Much of the literature highlights that members of the refugee community require a more comprehensive social support system, often articulated as a desire for a ‘peer support network’, to discuss their shared experiences.
With new arrivals spending much of their energy to address basic and immediate concerns – securing employment and housing, learning English and the like – there is often little time left to help other refugees and foster a strong and cohesive community. Members of the refugee community have expressed disappointment that the African norms of shared living and reciprocity have eroded in resettlement, even though their cultures lend themselves to neighbourliness and reciprocity.264
In their new society, refugees work to create a new concept of ‘home’ – where they and their families feel safe, where their rights are respected, and opportunities to achieve and contribute to society are open to everyone.265
24.2A community of support
The literature indicates a strong desire among refugees to create a broad community of support and establish an identity that celebrates both their individual cultures and the shared experience of being a refugee. While refugee services may have a specific goal – such as providing medical, housing or employment support – they must also seek to help refugees rebuild trust, a sense of identity and self esteem, establish social networks and foster hope and a sense of purpose.266 Services must necessarily be geared towards encouraging this sense of community, which will also make their own services more valuable to clients. There is an overall need for representation, participation, accessibility and equality of outcome.267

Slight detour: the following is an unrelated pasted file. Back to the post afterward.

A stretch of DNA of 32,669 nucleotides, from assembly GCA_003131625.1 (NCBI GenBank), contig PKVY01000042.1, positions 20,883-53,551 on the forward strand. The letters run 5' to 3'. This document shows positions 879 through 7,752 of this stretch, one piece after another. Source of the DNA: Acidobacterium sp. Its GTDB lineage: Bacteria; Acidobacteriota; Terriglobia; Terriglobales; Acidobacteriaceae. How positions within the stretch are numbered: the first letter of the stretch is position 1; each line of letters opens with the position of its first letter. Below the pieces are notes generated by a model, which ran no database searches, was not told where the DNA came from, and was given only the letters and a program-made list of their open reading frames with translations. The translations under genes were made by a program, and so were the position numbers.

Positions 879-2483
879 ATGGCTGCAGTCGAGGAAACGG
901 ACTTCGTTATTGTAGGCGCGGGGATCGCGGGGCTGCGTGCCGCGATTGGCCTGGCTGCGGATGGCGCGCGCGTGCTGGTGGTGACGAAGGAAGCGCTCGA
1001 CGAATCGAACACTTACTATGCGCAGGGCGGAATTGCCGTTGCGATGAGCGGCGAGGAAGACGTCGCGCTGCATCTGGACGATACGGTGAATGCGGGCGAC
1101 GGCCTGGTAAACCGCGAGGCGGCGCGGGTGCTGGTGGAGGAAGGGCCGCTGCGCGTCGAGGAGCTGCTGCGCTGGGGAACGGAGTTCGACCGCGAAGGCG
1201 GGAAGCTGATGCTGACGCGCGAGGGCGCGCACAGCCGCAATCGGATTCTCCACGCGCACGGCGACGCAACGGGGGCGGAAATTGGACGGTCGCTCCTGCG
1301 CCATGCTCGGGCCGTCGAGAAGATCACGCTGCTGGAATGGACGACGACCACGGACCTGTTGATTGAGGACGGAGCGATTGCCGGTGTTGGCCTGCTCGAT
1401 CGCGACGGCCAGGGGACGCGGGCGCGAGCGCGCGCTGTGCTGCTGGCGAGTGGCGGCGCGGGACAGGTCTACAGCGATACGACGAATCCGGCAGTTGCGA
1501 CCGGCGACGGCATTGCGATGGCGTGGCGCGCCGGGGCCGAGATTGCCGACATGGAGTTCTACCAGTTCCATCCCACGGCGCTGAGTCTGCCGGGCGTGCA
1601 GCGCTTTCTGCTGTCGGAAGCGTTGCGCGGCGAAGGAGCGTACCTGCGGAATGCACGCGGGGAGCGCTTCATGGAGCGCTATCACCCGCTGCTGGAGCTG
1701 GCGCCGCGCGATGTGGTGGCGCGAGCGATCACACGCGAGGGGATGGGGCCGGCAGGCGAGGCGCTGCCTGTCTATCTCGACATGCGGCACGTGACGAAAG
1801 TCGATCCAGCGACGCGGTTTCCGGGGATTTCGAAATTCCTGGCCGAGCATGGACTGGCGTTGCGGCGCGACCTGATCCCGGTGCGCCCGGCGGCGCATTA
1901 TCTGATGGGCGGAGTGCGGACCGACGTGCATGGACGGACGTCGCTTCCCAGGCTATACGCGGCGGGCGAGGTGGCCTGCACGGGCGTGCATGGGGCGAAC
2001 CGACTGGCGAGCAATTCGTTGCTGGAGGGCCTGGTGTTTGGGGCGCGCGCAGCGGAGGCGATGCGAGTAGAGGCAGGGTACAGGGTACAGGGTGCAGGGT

Many Africans can feel disconnected, dislocated and alienated from Australian society when they arrive. It can be difficult for them to adapt to mainstream Australian values and norms. Even when they display a keen desire to learn about Australian society and culture, there are often few opportunities to do so. Support is needed to help them successfully integrate into the broader Australian community.268
“Because this is slow work with a particularly damaged community, it is important to be realistic about the measurement of success and sustainability.”269 Social workers, or indeed anyone working with refugee communities, need to facilitate “interactions that break down social isolation and allow sharing of information, resources and the transfer of knowledge and skills.”270 Once these spaces – both literal and figurative – are created then networks can grow and thrive.
While there are similarities among Africans, there are also significant differences. Diversity among Africans has not always been recognised. In fact, Africans have often been identified as a single community. However, there are many communities that have come from different countries on the African continent. As a result, African communities cannot always communicate with other African communities because they might not have a common language. Reasons such as these can explain, in part, why much work is required to create social support groups.